Shooter Joydeep Karmakar: The mind will go where the spirit takes it
Kolkata - He mulled selling his kidney to buy a rifle, became a national champion with a borrowed gun, has participated in 17 World Cups, missed out a London Olympics medal by a whisker and has been been named for an Arjuna Award for sporting excellence. Truly does shooter Joydeep Karmakar prove the dictum that the mind will go where the spirit takes it.
It doesn’t matter that Karmakar has joined the ranks of India’s “famous fourth” after sprinters Milkha Singh and P.T Usha, who also only just missed out on an Olympics bronze. He is, however, ecstatic at being nominated for the Arjuna Award although he thinks it’s come a tad too soon.
“Though I am very happy at the recognition, I think the award has come early. There are far better sportspersons than me who deserve it more than I do. I would have had no qualms if it came even five years later,” Karmakar told IANS in an interview.
Bitten by the shooting bug at the tender age of 10, he became the national junior champion in 1994, performing with a 45-year-old rifle borrowed from a club.
Desperate to have his own rifle, a young Karmakar was inspired by a Bengali movie “Saheb” in which the protagonist sells his kidney to marry off his sister – to think of also doing so.
“Young minds always have silly thoughts and it was one of such crazy ideas. But then I realised that my sports career could be under severe strain if I sell one of my kidneys. My life has been full of struggles and there was even a time when I had decided to give up shooting,” he said.
Much like his Olympic performance where he made a stunning comeback from a dismal 32nd position to eventually qualify for the finals, Karmakar’s promising career sans adequate funds took a turnaround only when it seemed it was nearing a dead-end.
“I had stopped training and was on the verge of quitting. But then I got a job in the railways and things started to change at the turn of the new century. With the help of loans and some sponsorship I bought my first gun in 2003, in the 17th year of my shooting life,” he said.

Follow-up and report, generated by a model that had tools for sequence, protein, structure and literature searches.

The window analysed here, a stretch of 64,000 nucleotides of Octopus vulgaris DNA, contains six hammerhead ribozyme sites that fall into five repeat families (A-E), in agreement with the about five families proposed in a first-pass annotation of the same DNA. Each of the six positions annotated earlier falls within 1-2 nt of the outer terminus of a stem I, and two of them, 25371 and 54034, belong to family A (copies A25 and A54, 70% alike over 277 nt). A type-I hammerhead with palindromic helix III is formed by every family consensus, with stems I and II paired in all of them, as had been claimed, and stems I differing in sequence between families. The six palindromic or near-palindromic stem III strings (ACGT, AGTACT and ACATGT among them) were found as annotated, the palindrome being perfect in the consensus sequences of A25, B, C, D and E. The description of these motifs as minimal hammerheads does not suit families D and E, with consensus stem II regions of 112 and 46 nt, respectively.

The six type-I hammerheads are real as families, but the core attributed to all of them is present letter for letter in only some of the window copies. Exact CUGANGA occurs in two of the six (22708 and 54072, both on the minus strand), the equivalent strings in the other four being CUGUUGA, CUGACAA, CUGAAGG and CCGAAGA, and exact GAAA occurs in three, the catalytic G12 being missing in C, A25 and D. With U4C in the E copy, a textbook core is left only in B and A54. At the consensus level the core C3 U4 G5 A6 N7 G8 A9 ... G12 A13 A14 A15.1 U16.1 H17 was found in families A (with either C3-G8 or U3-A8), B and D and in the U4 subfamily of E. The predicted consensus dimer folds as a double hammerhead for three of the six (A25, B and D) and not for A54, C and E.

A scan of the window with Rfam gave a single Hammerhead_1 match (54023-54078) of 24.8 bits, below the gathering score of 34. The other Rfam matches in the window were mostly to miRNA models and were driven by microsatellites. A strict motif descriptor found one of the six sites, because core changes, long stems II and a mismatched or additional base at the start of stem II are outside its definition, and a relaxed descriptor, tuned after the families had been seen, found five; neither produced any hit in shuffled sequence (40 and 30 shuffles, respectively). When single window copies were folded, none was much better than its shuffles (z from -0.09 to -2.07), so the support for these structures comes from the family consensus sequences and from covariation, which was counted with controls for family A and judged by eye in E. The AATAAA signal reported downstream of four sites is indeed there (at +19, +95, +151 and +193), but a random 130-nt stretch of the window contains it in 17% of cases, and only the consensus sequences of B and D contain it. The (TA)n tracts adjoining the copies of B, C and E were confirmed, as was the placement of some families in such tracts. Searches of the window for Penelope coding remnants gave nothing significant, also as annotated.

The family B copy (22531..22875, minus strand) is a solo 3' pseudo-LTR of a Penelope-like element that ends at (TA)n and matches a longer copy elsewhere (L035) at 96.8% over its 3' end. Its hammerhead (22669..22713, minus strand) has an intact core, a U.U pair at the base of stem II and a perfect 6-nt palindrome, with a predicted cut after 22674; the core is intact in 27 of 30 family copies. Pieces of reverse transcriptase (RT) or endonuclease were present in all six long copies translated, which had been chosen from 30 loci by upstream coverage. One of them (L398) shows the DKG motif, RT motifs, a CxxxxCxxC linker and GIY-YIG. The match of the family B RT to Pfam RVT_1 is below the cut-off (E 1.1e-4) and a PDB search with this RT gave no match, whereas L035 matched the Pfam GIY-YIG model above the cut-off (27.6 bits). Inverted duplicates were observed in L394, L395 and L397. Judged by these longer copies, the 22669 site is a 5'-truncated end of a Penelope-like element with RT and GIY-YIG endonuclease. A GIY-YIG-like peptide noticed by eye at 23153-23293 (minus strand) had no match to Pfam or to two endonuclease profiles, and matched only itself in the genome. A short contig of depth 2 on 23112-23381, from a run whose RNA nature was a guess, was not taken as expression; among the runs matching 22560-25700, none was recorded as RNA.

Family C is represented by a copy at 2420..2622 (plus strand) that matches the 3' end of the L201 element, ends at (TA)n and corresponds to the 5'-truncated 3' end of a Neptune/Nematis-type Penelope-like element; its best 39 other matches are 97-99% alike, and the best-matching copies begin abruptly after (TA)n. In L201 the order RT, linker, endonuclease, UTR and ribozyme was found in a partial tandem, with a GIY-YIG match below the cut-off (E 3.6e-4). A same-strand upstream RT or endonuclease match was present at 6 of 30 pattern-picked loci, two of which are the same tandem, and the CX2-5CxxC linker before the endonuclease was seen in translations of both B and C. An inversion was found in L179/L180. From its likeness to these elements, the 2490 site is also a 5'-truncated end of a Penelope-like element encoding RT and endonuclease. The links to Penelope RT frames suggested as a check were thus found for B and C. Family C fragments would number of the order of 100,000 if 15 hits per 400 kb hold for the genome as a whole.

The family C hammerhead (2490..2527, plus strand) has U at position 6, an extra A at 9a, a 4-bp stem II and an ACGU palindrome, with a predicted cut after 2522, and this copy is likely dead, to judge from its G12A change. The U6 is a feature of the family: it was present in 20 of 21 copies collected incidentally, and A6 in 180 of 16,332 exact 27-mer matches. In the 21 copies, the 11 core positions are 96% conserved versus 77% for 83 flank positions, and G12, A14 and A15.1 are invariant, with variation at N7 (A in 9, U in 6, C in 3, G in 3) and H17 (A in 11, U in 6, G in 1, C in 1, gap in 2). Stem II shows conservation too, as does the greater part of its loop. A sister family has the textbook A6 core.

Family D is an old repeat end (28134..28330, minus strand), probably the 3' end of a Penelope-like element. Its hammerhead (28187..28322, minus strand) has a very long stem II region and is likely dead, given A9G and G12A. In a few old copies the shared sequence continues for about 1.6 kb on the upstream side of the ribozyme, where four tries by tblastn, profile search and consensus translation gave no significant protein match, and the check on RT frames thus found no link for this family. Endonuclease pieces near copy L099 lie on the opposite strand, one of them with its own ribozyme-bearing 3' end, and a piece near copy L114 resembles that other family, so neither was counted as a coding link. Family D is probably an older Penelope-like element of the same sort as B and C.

After only six days’ practice with the new gun, the shooter won an individual bronze at the National Championships. Since then, he has never looked back.
The first Indian to win a World Cup medal in the 50m prone event in 2010 at Sydney – where he fired 599 to surpass the Asian Games, the South Asian Games and the Commonwealth Games records – the veteran of 17 World Cups has his feet firmly on the ground.
The otherwise sombre Karmakar turns sentimental at the mention of the Olympics, where he conceded the bronze to Slovenian great Rajmond Debevec by just 0.9 points.
“I banged my fist on the mat in frustration and kissed my rifle in joy the next moment. Shooters by nature are boring and serious, but I could not hide my emotions seeing Debevec on the podium. It made me realise what I had missed.”
“Seeing me in tears, Randhir Singh (Indian Olympic Association secretary general) said: ‘You may have lost out on a medal but son, you have won a billion hearts‘. I could see many fans crying,” said Karmakar about his “unforgettable Olympic moment”.
What were his other gains from the globe’s greatest sporting extravaganza? “Steady nerves and a sense of oneness.”
“It was my first Olympics. I was very nervous. I am sure even Usain Bolt must have had butterflies in his tummy at his debut Games. But I would go to the next Games more confident and focussed.
“Life at the Games Village was an amazing and wonderful experience. We all were global citizens eating, talking and living together. It is the only event on earth where you find so much of diversity together. It instilled in me a sense of oneness and unity,” he said.
The Games over, he is enjoying the public adulation, recognition and a special promotion. But the 32-year-old father of a son has his eyes firmly on the 2013 World Cup and the 2016 Rio Olympics.
“I was fourth this year and everybody would expect me to be at the podium in the next Games. But I will have to start from scratch. I will have to qualify first and then think about medals.”